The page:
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RFD is the official journal of the International Embryo Transfer Society and the Society for Reproductive Biology.


 

Article << Previous     |     Next >>   Contents Vol 22(1)

201 ENDOSCOPE-GUIDED TRANSFER OF SPERM-INJECTED OOCYTES INTO THE OVIDUCTS OF ELAND AND BONGO ANTELOPES

G. Wirtu A, R. MacLean B, J. Galiguis A, D. Paccamonti B, B. Eilts B, R. Godke B, U. Besenfelder C, B. Dresser D, G. Gentry B

A Audubon Center for Research of Endangered Species, New Orleans, LA, USA;
B Louisiana State University, Baton Rouge, LA, USA;
C University of Veterinary Medicine Vienna, Vienna, Austria;
D University of New Orleans, New Orleans, LA, USA
 
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Abstract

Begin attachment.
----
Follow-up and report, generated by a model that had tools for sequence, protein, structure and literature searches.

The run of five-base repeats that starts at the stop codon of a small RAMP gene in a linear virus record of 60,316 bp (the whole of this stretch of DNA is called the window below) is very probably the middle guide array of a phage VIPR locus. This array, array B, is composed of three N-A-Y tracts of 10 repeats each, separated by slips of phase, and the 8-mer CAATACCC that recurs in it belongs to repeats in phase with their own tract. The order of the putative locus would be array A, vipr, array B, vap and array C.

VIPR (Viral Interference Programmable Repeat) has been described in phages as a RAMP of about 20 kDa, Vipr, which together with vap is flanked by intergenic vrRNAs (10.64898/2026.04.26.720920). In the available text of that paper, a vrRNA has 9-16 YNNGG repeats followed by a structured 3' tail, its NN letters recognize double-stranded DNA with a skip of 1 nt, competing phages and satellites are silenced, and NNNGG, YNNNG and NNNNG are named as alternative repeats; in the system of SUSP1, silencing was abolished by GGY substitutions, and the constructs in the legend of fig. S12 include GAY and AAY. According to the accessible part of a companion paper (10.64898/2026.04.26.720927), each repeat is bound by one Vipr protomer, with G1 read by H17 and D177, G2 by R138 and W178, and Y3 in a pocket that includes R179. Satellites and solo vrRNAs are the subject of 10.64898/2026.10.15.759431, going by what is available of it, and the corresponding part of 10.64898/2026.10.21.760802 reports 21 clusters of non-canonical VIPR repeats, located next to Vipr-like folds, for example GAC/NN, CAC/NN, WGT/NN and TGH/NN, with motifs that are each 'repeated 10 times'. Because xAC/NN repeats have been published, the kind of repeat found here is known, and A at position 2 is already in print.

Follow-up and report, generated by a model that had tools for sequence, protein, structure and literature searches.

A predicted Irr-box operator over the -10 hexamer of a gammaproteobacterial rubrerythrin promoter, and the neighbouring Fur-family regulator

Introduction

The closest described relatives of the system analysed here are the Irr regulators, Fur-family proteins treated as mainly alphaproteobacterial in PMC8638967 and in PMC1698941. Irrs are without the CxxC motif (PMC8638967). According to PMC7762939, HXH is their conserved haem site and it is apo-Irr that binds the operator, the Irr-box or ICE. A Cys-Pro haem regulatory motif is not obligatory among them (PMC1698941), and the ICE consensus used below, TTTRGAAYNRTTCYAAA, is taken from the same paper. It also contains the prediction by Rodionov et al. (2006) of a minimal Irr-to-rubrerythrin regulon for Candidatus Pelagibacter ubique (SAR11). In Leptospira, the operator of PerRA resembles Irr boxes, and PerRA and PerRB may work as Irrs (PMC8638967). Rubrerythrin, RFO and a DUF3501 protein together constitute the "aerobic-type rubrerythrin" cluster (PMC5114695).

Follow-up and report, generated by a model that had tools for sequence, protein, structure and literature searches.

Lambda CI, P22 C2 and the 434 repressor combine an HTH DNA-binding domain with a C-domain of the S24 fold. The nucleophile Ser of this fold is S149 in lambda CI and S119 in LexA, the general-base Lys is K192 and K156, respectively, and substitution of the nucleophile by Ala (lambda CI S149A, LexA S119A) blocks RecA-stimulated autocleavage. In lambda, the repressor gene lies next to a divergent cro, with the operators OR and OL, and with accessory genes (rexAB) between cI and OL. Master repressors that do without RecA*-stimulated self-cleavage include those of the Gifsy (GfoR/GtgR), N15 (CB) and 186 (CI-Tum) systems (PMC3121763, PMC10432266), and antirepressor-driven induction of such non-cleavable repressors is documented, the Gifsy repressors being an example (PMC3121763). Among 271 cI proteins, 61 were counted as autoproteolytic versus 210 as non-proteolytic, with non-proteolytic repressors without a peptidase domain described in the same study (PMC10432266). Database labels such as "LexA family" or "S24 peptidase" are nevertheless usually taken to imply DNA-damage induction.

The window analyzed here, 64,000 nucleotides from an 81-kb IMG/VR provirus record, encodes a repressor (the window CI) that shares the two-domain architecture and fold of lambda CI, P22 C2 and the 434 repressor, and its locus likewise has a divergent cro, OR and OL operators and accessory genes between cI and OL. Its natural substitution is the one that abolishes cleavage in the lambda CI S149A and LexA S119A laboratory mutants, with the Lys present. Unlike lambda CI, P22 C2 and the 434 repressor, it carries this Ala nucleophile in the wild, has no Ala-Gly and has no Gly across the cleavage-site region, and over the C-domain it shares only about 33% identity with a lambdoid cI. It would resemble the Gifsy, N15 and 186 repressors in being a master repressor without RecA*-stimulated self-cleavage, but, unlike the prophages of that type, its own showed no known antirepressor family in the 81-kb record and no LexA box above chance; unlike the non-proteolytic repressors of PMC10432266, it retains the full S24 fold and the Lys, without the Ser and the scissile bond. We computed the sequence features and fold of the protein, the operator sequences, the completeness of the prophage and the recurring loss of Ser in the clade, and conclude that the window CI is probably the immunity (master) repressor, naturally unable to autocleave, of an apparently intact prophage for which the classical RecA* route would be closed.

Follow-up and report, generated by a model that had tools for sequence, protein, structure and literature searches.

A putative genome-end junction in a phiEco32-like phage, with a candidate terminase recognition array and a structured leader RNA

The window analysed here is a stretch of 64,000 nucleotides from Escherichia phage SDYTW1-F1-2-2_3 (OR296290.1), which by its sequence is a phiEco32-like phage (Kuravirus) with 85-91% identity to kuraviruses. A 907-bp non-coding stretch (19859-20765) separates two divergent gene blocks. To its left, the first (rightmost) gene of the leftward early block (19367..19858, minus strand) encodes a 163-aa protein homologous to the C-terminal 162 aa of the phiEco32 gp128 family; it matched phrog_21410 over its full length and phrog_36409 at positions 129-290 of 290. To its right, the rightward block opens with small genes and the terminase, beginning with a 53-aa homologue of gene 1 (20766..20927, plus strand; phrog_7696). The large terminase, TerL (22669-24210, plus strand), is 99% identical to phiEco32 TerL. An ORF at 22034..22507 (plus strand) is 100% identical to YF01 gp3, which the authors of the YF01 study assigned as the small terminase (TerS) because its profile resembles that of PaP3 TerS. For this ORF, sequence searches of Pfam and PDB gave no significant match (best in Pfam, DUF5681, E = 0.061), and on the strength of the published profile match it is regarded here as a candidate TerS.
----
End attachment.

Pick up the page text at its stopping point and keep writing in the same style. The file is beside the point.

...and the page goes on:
We have previously established methods of gamete collection in Eland and Bongo antelopes; however, blastocyst development following IVF, intracytoplasmic sperm injection (ICSI), or somatic cell nuclear transfer (SCNT) has been sporadic, thus few developmentally competent embryos have been produced for uterine transfer. In the present study, we evaluated the possibility of oviductal transfer of presumptive zygotes. Estrous cycle synchronization and ovarian superstimulation were done as follows. Females were treated with altrenogest (0.11 g/os daily) for 7 days. The FSH Folltropin® was dissolved in 30% polyvinylpyrrolidone and administered, i.m. on Days 5 and 7 of altrenogest treatment at 266 mg and 134 mg, respectively. Prostaglandin F (Lutalyse®, 25 mg, i.m.) was administered on Day 7. Transvaginal ultrasound-guided oocyte retrieval was conducted on Day 9 as described previously (Wirtu G et al. 2009 Anim. Reprod Sci. 111, 160-172). Eleven oocytes were recovered from 2 Elands and 4 from 1 Bongo. One oocyte of each species was degenerate at the time of recovery. Oocytes were subjected to IVM for approximately 22 h, when Piezo drill-assisted ICSI was done using frozen-thawed Eland or Bongo spermatozoa. Oocytes were activated (5% ethanol, 5 min) and cultured overnight in CR1aa medium supplemented with BSA. Presumptive zygotes were subjected to endoscopic oviductal transfer at 21 to 24 h after ICSI. The oviductal transfer was adapted from the technique developed in domestic cattle (Wetscher F et al. 2005 Theriogenology 64, 30-40). Animals were sedated by i.m. administration of xylazine HCl and butorphanol tartrate and restrained in a hydraulic chute (Tamer®) that was used to squeeze and lift the females. An epidural block (5 mL of lidocaine) was induced after cleaning the rectum, perineal region, and the injection site. A uterine relaxant, isoxsuprine HCl (10 mg, i.v), was then administered. The Brem/Besenfelder set for laparoscopic bovine embryo transfer (Karl Storz Endoscope, Karl Storz GmbH & Co. KG, Tuttlingen, Germany) was used for the oviductal transfer. Briefly, a cannula (12.5 mm in diameter, 49.5 cm long) fitted with a blunt-tip obturator was introduced into the vagina and positioned, during transrectal manipulation, at the mid-dorsal aspect of the vaginal vault. The blunt-tip obturator was replaced with a sharp-tip obturator, which was used to puncture through the vaginal wall for entry into the pelvic cavity. The trocar was subsequently replaced with an inner sheath containing a telescope (5.5 mm in diameter, 54 cm long) and a pre-loaded transfer tubing. Visualization of the ovaries and oviducts required insufflation of the peritoneal cavity. Transfer was done into the oviduct ipsilateral to the recently ovulating ovary. Ten Eland oocytes had extruded the first polar body and 8 that survived ICSI were transferred into the right oviduct of an Eland female. Two Bongo oocytes had extruded the first polar body; both survived ICSI and were transferred to the right oviduct of a Bongo female. Pregnancy diagnosis is pending. This minimally invasive method of accessing the oviduct has the potential to advance the application of assisted reproductive technologies in large nondomestic ungulates.

   
    
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